A pub solves a drinking problem….

In a blog last week, I talked about the need for us to find new ways of connecting people and suggested that the Big Society idea of street parties and re-creating the village in today’s city wasn’t going to work. I suggested we need to build communities helping people who are like-minded to find each other. In his comment, ‘Liam’ asked: “Where would that leave people with disabilities, or Alzheimer’s Disease, or others who do even speak perhaps?” Liam is interested in communities and isolation: I’m grateful to him for quoting Jean Vanier, the founder of the L’Arche communities, who describes isolation as ‘a taste of death’. That’s a powerful image.

Liam is right, I think, that the concept of “like-mindedness”, like “community” itself, can be exclusive as well as inclusive. Can you have belonging, without having people who don’t belong? Is a shared space only defined by its walls? One of the appeals of the work which our members does to me is that it makes links in unlikely places. People who have been assumed not to have anything in common with anyone, and to be “challenging”, turn out to have plenty in common with others, when they find the right place to call home.

Alison and Mark run a pub in a seaside town. Neil, who has a learning disability, spent a lot of time drinking in pubs around the town, and gradually spent more and more time at Alison’s pub. Alison and Mark were concerned about his drinking, his behaviour and increasingly, his safety. He even began sleeping rough on their doorstep. Alison and Mark approached the council and were told about Shared Lives. They put themselves through the recruitment, training and approval procedures and became registered Shared Lives carers.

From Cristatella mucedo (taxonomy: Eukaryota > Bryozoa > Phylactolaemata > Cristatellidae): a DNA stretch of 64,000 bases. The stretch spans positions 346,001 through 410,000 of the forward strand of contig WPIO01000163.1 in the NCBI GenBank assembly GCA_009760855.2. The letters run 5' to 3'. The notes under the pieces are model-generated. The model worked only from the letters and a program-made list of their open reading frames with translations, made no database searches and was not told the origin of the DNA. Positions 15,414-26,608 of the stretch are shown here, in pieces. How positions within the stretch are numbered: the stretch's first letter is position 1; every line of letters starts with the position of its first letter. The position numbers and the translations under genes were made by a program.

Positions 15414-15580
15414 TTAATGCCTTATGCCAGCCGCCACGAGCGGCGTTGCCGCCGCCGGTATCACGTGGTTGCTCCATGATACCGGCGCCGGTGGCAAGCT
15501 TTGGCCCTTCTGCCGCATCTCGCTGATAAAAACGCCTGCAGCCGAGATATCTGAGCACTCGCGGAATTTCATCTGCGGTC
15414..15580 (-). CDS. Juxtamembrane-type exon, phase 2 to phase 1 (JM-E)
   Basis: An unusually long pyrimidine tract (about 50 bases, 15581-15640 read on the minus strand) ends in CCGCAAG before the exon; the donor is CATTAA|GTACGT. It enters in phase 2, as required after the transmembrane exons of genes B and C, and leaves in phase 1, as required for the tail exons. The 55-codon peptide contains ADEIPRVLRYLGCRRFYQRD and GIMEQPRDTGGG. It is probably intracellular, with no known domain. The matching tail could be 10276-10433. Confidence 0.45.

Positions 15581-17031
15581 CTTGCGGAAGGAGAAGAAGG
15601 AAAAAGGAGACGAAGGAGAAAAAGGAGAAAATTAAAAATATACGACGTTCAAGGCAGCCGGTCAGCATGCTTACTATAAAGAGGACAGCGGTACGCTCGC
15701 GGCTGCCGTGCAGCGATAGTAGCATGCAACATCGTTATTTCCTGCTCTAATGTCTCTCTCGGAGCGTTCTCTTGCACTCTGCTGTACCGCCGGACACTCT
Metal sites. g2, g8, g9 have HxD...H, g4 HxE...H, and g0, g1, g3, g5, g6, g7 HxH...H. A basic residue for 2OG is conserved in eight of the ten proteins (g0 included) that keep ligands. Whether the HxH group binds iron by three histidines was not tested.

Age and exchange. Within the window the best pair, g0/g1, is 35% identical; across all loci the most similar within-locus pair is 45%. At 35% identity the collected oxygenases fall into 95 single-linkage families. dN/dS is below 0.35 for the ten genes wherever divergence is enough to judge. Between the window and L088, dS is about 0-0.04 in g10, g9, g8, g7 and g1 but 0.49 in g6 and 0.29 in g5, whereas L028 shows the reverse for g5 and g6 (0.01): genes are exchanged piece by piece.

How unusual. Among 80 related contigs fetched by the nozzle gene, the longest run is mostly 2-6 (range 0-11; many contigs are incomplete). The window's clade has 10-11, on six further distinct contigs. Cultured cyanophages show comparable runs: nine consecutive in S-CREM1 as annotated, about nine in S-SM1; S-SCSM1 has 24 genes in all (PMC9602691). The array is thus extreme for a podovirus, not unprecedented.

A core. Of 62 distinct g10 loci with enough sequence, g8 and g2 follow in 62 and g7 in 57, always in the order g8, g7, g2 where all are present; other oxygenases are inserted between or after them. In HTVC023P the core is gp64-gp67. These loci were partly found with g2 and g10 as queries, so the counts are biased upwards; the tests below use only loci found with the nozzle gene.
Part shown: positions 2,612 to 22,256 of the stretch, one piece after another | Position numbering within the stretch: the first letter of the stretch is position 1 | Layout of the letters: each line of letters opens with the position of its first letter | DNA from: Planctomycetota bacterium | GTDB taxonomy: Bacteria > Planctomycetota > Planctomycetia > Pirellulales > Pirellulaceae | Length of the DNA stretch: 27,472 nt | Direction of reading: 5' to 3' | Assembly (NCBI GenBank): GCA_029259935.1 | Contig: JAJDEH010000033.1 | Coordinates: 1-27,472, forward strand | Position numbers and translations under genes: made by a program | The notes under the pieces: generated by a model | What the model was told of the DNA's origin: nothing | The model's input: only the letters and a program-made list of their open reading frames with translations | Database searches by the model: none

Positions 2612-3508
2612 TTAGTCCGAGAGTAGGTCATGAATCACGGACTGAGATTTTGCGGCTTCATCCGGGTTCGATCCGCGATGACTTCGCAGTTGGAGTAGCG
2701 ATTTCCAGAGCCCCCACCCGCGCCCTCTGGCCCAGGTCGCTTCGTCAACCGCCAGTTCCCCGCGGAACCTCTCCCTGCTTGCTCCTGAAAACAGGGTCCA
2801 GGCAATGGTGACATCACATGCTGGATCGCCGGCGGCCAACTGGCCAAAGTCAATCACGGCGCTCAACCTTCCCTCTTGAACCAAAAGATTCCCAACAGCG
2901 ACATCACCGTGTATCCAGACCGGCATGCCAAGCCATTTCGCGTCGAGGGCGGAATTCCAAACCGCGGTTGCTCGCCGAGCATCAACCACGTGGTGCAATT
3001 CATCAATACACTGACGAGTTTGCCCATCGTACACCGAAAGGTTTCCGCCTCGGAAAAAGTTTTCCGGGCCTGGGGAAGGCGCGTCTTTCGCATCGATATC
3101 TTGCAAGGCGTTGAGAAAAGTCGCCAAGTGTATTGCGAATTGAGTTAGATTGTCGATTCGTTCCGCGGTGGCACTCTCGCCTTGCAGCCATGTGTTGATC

Neil’s sister recently told Alison that, since Neil moved in with them, he was looking people in the eye for the first time. He takes care of his appearance and has control over his drinking; people say they can now understand his speech. He has achieved long-held ambitions like going to Wembley. Neil says “Now I have what I wanted: what I wanted was a family”. Alison says “His behaviour has changed completely. He brings a whole new dimension to our lives, we get as much pleasure as he does in our ‘family’. We are even thinking of getting out of the pub trade to become full time carers”.

Alison and Neil had nothing to do with social care before becoming Shared Lives carers, but they helped someone failed by traditional social care services. Their willingness to connect with someone whom others would simply see as a problem may be rare, but thankfully not unique. I’m looking forward to seeing what Neil, Alison and Mark create out of their connection.

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